© 2023 Connecticut Public

FCC Public Inspection Files:
WPKT · WRLI-FM · WEDW-FM · Public Files Contact
Play Live Radio
Next Up:
Available On Air Stations

Drought And Extreme Heat Conditions Challenge Efforts To Fight Bootleg Fire


A wildfire larger than the city of Los Angeles and growing - that's what the state of Oregon faces with the Bootleg Fire. It's consumed more than 600 square miles in rural south central Oregon. From Jefferson Public Radio, Erik Neumann reports that drought conditions and extreme heat continue to create challenging conditions for fire crews.

ERIK NEUMANN, BYLINE: The Bootleg Fire is now the fourth-largest fire on record in Oregon since 1900 and has grown by miles per day. On Tuesday, Oregon Governor Kate Brown said fires like this and the eight other large fires currently burning across the state are climate change playing out before our eyes.


KATE BROWN: The conditions we're seeing are substantially different than we saw even 10 years ago. So these fires are substantially hotter. They're substantially faster. They're simply much more fierce than we have seen in earlier years.

NEUMANN: Bone-dry grasses and trees are burning quickly and intensely. Embers have jumped containment lines and forced fire crews battling the Bootleg Fire to pull back multiple times in recent weeks. Oregon fire officials say 90% of the state is in a drought, and that's making the land more prone to fire. Derek Williams, a meteorologist with the National Weather Service who is focused on the Bootleg Fire, says there's another reason, too.

DEREK WILLIAMS: We had that late June extreme heat wave - just blew out the record books on that heat wave. And that really accelerated the drying of the fuels to much earlier than what is normal.

NEUMANN: Williams says a sign of how extreme this fire is are the puffy, white clouds its smoke is forming. They're called pyrocumulous, and meteorologists spotted a pyrocumulonimbus cloud. Both can be risky for firefighters, with the latter capable of causing lightning strikes that spark new fires. With these types of conditions coming in July, so early in the summer, officials warn this will likely be a long fire season, just a year after severe wildfires struck Oregon in 2020. Mariana Ruiz-Temple is the Oregon state fire marshal.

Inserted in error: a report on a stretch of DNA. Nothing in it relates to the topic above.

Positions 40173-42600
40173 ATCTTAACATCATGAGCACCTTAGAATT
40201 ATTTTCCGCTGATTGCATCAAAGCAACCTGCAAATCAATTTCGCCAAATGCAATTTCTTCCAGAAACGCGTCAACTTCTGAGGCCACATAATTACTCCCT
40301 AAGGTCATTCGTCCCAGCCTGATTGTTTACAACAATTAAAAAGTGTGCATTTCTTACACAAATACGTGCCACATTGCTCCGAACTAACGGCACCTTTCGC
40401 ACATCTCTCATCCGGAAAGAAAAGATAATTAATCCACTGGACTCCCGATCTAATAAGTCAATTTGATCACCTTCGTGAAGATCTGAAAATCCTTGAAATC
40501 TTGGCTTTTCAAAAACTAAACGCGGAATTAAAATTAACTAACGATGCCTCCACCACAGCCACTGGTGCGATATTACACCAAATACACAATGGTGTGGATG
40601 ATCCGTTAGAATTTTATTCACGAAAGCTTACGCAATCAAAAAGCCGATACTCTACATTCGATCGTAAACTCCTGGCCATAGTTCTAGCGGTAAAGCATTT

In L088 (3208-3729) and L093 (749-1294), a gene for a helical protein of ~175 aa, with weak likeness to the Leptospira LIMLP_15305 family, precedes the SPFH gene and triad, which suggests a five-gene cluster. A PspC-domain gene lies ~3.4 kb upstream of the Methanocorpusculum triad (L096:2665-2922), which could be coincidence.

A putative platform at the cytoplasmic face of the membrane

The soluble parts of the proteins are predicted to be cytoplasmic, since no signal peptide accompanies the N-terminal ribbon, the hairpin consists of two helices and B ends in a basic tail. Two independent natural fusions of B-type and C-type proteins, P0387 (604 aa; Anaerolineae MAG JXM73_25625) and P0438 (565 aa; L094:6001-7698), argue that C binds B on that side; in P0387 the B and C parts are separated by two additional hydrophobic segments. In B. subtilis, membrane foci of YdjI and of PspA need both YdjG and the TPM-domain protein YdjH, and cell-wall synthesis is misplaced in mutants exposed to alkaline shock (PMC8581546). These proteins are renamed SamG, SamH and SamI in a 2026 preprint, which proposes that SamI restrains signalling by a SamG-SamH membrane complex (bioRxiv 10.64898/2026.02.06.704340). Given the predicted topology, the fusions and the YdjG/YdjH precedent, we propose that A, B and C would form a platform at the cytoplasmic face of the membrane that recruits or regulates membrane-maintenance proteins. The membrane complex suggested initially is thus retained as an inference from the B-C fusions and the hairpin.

MARIANA RUIZ-TEMPLE: I would categorize this fire season thus far as historic in terms of the amount of resources we've deployed.

NEUMANN: She says 2021 marks the earliest that fire resources have been mobilized to date. Williams, the meteorologist, says they're starting to see signs of monsoon moisture that could move in sometime next week and perhaps provide a bit of relief.

For NPR News, I'm Erik Neumann in southern Oregon.

(SOUNDBITE OF SLEEP DEALER'S "THE WAY HOME") Transcript provided by NPR, Copyright NPR.

Erik Neumann is a radio producer and writer. A native of the Pacific Northwest, his work has appeared on public radio stations and in magazines along the West Coast. He received his Bachelor's Degree in geography from the University of Washington and a Master's in Journalism from UC Berkeley. Besides working at KUER, he enjoys being outside in just about every way possible.

Stand up for civility

This news story is funded in large part by Connecticut Public’s Members — listeners, viewers, and readers like you who value fact-based journalism and trustworthy information.

We hope their support inspires you to donate so that we can continue telling stories that inform, educate, and inspire you and your neighbors. As a community-supported public media service, Connecticut Public has relied on donor support for more than 50 years.

Your donation today will allow us to continue this work on your behalf. Give today at any amount and join the 50,000 members who are building a better—and more civil—Connecticut to live, work, and play.